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Sci-Fi fans are nothing if not passionate. When it was announced that a new Star Trek series would be coming to CBS All Access, fans went wild — there hasn’t been a new series of the groundbreaking show since Enterprise ended in 2005. With the release of a “first look” trailer in May, we got the very first glimpse of former The Walking Dead star Sonequa Martin-Green and action legend Michelle Yeo battling it out in space. While most fans were excited, some (very racist) fans were not, and while the cast had remained silent, star Martin-Green is now clapping back and slamming the racist comments.
Sitting down with Entertainment Weekly, Martin-Green is quick to point out the legacy of inclusivity established by the groundbreaking science fiction show.
“I would encourage [trolls] to key into the essence and spirit of Star Trek that has made it the legacy it is — and that’s looking across the way to the person sitting in front of you and realizing you are the same, that they are not separate from you, and we are all one,” she says.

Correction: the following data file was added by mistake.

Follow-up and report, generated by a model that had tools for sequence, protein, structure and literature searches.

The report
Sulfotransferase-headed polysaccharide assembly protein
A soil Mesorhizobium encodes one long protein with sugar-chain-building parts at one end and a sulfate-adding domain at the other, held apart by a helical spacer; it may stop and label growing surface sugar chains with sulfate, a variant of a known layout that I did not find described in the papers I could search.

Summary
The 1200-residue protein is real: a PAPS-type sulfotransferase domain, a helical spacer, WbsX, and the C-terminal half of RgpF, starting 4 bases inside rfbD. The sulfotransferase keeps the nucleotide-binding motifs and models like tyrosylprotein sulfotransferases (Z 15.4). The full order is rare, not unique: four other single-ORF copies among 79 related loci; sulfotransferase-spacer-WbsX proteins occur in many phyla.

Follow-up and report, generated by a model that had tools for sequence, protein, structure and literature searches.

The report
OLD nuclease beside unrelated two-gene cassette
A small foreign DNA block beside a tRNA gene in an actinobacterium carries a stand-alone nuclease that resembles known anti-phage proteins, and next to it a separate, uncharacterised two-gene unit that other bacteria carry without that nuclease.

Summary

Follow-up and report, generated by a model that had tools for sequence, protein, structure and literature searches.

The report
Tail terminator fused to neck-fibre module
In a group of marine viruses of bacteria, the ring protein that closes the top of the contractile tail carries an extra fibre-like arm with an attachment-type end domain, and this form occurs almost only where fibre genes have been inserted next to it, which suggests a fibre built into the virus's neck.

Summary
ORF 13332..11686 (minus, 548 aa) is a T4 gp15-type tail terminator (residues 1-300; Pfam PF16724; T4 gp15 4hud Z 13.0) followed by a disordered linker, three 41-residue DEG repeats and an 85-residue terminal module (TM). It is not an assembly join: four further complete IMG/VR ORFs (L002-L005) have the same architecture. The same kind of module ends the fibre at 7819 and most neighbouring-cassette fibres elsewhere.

Of course, she’s not wrong. The original series featured main characters from Russia and Japan at a time when the Cold War was at its coldest, and the show’s creator Gene Roddenberry ruffled feathers when he presented the first interracial kiss ever shown on TV between Capt. Kirk and Lt. Uhura (played by William Shatner and Nichelle Nichols). These choices were intentional, and set the basic premise for the show’s foundation.
“It’s one of the foundational principles of Star Trek and I feel if you miss that then you miss the legacy itself,” Martin-Green reminds fans. “I’m incredibly proud to be the lead of this show and be at the forefront of an iteration of Star Trek that’s from the eyes of a black woman that’s never been done before, though obviously there’s been other forms of diversity that have been innovated by Trek.”
Of course, we all have to wait to even see a single episode of the show, but while trolls continue to try and take down anything that doesn’t resemble their ideas, we’ll be over here patiently waiting for yet another black/female-led blockbuster.
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(h/t Entertainment Weekly; photo via Joe Scarnici/Getty)